A typical day for a big-picture person may look something like this: cycling class with one friend at 9 am, brunch plans across town at 11 am, vague plans to go shopping with another group of friends afterward and then a verbal commitment to meet up at a pre-game downtown in the evening.
Now, I’d like to clarify that we don’t necessarily double-book ourselves. That type of person does this typically to keep his or her options open so as to go with the more attractive one.
No, we simply like to think we can do everything with that same borderline naïve idealism.
Most of our friends are aware of this so they try to rein us in with that patient understanding. “Do you really think that we’ll have time for all of that?” they say.
Thank you, friends, for loving us all the same and finding this endearing rather than exhausting.
4. Traveling with us gives our detail-oriented friends anxiety.
This should come as no surprise. Whenever a big-picture thinker goes on a trip with someone who is detail-oriented, there is bound to be some difference in traveler style.
With our lack of concern for following an itinerary (or even putting one together in the first place), coupled with the lackadaisical way in which we make any sort of travel arrangements in terms of early flight check-in or adequate packing, it’s inevitable that we will drive our detail-oriented friends crazy.
On the other hand, there will be instances when we’ll be a little annoyed by their nagging. However, from my experience, we are the perfect travel companions for one another.
Our tendency to be more visual and strategic enables us to plan our adventures in a higher-level sense. We dream up the perfect trip from the choosing of the destination to the sequence of activities.
Once we’ve outlined the vision for the trip in true wanderlust fashion, they will take it from there to fill in the details.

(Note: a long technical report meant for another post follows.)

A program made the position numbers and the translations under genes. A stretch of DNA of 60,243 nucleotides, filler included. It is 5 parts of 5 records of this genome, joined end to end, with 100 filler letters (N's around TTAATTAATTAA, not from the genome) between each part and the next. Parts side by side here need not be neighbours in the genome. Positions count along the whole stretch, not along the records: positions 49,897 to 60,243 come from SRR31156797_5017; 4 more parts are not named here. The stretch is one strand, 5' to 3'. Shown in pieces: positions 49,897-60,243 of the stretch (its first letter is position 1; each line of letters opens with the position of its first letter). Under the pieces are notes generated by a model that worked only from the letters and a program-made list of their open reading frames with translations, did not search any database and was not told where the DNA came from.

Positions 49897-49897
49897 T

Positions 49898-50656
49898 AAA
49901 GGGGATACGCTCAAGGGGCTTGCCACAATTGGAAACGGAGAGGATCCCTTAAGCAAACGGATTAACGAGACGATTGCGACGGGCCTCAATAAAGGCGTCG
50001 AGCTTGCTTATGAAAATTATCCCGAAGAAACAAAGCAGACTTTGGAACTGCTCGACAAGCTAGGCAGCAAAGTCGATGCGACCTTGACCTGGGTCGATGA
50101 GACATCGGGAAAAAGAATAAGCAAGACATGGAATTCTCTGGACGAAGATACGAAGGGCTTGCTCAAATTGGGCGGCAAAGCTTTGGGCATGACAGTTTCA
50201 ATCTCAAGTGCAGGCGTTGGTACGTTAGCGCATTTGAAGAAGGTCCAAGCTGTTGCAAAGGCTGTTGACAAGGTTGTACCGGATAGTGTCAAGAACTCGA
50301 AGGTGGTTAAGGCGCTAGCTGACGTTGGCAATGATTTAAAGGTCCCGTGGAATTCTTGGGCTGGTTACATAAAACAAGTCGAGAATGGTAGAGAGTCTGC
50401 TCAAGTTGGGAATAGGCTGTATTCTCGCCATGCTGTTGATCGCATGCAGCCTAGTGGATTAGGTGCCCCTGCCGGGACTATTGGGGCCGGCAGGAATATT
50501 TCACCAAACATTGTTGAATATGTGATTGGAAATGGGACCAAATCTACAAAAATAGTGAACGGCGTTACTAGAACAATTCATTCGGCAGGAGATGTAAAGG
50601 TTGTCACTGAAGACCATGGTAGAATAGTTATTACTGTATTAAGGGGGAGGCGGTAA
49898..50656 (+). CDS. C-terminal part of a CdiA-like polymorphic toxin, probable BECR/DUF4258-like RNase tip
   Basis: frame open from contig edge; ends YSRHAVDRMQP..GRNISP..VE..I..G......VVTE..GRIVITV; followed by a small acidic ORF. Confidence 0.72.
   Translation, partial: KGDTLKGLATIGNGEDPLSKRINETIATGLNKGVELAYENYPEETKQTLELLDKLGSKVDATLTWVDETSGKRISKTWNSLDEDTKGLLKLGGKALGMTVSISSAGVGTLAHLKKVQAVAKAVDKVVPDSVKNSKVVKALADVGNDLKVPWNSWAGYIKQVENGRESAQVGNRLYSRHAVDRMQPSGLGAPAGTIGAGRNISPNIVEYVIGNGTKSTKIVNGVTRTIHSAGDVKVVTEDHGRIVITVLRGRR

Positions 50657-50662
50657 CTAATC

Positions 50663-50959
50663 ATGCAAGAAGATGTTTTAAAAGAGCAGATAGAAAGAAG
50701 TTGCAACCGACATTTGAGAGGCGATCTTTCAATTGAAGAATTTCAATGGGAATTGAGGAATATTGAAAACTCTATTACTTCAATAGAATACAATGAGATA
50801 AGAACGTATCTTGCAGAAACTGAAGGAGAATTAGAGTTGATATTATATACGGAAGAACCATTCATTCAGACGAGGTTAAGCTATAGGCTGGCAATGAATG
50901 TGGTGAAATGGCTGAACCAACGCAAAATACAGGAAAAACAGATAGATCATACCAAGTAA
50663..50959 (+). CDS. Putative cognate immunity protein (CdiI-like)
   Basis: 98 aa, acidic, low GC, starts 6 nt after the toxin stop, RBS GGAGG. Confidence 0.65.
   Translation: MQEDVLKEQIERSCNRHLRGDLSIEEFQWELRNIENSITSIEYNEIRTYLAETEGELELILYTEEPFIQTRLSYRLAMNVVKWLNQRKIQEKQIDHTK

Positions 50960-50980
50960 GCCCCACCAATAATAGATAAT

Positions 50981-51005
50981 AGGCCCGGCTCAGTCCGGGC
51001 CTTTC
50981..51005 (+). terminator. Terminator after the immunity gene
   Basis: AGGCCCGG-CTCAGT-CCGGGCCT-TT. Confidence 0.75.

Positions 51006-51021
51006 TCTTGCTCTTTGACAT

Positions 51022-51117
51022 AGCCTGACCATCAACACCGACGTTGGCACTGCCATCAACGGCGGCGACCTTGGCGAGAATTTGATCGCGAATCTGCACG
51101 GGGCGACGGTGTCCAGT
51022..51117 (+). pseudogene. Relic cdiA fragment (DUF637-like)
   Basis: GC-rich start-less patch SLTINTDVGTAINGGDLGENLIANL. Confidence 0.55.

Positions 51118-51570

With their excellent ability to interpret whether something is manageable, our friends who are “details people” take our abstract planning and refine those ideas until they are practical. They then monitor the execution of the travel plans to make sure all goes smoothly.
But most importantly, let’s not forget the fact that us big-picture folks, with our “glass half full” mentalities, make the trip all the more enjoyable.
We’ll propose those spontaneous outings in the midst of our travels, but if we drift too far off course or outside the realm of possibility, they are sure to call us out. So, hats off to you, our more neurotic friends, for without you, we would all probably be taken.
To wrap things up in a nice little bow, the main message I want to convey here is this: No way of thinking is the right way.
In reality, the combination of these styles is what makes for the most beautiful partnerships.
Or, to put it so eloquently, different strokes for different folks.
Originally published at Elite Daily. Reprinted with permission.
Caitlin Gilbert is just a southern girl without a drawl living and working in Dallas, TX. She majored in Marketing at the University of Arkansas and enjoys anything involving good music and even better company. Dislikes include slow-walkers and bad listeners.
Photo: Stefan Insam/Flickr